Carillon Brewing Co. - Dayton, Ohio, USA

I've been to quite a few breweries, but never someplace like this. Carillon Brewing Co. in Dayton, Ohio is a living museum situated in Carillon Historical Park, home of Dayton's history museum. Walking into the brewery, you are transported back nearly 200 years to Dayton in the year 1850. Staff members look the part, wearing period clothing, though they speak in modern English.

Carillon Brewing Co. resides in a newer building with 1850s aesthetics

The living museum is full of character

My friend Shelly joined me at Carillon and, like I prefer to do, we sat at the bar. From that vantage point, we could see everything. The building had two floors, but most of the second floor was open, and the presence of the brewing fireplaces created a warm, welcoming atmosphere on the gray, autumn day. Although the brick building is new construction (Carillon opened in 2014), it was built to appear as a new 1850 building with exposed bricks and unfinished wood throughout. The tables, chairs, bar stools and nearly everything else were handmade. There is a separate special event room that can be rented, and there's a nice patio in the back of the building. Sitting at the bar, we had a perfect view of the brewing set-up.

The special event space

Everything you see adds character to the brewery, but is also fully functioning

A brewer stokes the fire

Our beer server Michael described the historic beer styles on tap and Shelly and I chose a flight of five plus one extra sample. We wanted to get the full historical experience. Immediately, you could tell that these beers were different. They were unfiltered, cloudy and much less carbonated than the typical modern brew. The ales were also highly palatable, and there wasn't a single beer I didn't enjoy. My favorites were the Squash Ale (made with butternut squash) and the Coriander Ale (slightly peppery, from a recipe in a Cincinnati brewer's manual from the 1800s). Shelly was partial to the Ginger Pale Ale.

A server in period attire pours beer

The barrels are a nice touch for the taps

The draft list on our visit; the squash ale wasn't even on the menu yet

Squash Ale, Ginger Pale Ale, Roggenbier (a rye), Coriander Ale,  Black Cherry Porter

Head Brewer Kyle Spears stopped by the bar to tell us a little more about the brewery. The brewing system was designed to be as close as possible to that of a small production brewery at this point in the industrial revolution. It is a gravity-fed system that visitors can watch in action over an eight to twelve hour brewing day. The team of three full-time brewers, along with several part-time staff and volunteers, brews small batches almost daily. The brewing takes place in copper kettles and the mash is heated using wood fires. Carillon Brewing buys grain already malted, but they do everything else in-house, from the milling to the roasting to the mashing and the fermenting, which is done in American white oak barrels. The fires were stoked when Shelly and I arrived because Kyle had planned to brew a batch of the Ginger Pale Ale. Unfortunately, only half of the required ginger was delivered that day, so the brewing had to be canceled.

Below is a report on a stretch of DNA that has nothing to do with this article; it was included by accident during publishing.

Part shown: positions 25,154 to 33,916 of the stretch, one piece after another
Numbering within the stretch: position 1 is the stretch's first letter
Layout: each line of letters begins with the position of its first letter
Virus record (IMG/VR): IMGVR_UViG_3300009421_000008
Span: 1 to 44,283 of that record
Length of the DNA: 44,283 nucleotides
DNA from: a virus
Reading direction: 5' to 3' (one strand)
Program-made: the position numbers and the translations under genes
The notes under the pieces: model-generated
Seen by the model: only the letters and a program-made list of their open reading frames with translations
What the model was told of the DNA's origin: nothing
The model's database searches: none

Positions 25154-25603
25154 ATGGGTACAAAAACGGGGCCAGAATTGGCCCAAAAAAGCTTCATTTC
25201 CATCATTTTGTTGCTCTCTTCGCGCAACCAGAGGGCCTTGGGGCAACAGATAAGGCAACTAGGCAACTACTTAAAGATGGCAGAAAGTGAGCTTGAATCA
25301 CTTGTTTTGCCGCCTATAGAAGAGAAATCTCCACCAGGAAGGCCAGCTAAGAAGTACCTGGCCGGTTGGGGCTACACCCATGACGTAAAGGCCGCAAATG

Even without brewing taking place, we had a great view of the brewers working. One man was baking crackers made from the brewery's spent grain. I liked seeing the spent grain used and not wasted. The crackers would be served by the kitchen, which offers a full menu for lunch and dinner. The recipes hearken back to 1850s German immigrant cuisine, but are updated for the modern palate, and vegetarian options are included. Shelly and I didn't dine at Carillon, but I did see some soft pretzels on the menu that looked pretty good, and lovers of sausages and sauerkraut will be very happy.

The view from our barstools: the man in the photo is making the spent grain crackers; the brewing kettle is on the second level above the fireplace (photo credit: Shelly Schlicher)

Head Brewer Kyle at work

Carillon offers a Brewer for a Day program so that visitors can become part of the living museum. The package is an all-day affair, in which you participate in the entire brewing process, enjoy lunch and a beer tasting, take a tour of the history museum, and later on take home a growler of the beer you brewed. This sounds like so much fun and I may consider a return visit as a brewer for a day.

When the brewery is a museum, you get educational plaques

The Deeds Carillon (1942) just outside the brewery; the dreary day made it even nicer to stay inside and sip beer


Carillon Brewing Co. is open daily for lunch and dinner: Sunday-Thursday 11 AM-9 PM, Friday-Saturday 11 AM-10 PM, They have seven taps of their own and two guest taps. You can take home a growler of your favorite historical ale. They also serve bottles and cans from other breweries, and have a select wine and spirits menu. You may find Carillon brews on some guest taps around Dayton, but your best bet is to go to the brewery. The brewery is kid-friendly and serves house-made sodas. You can learn more at or follow them on Facebook and Instagram.


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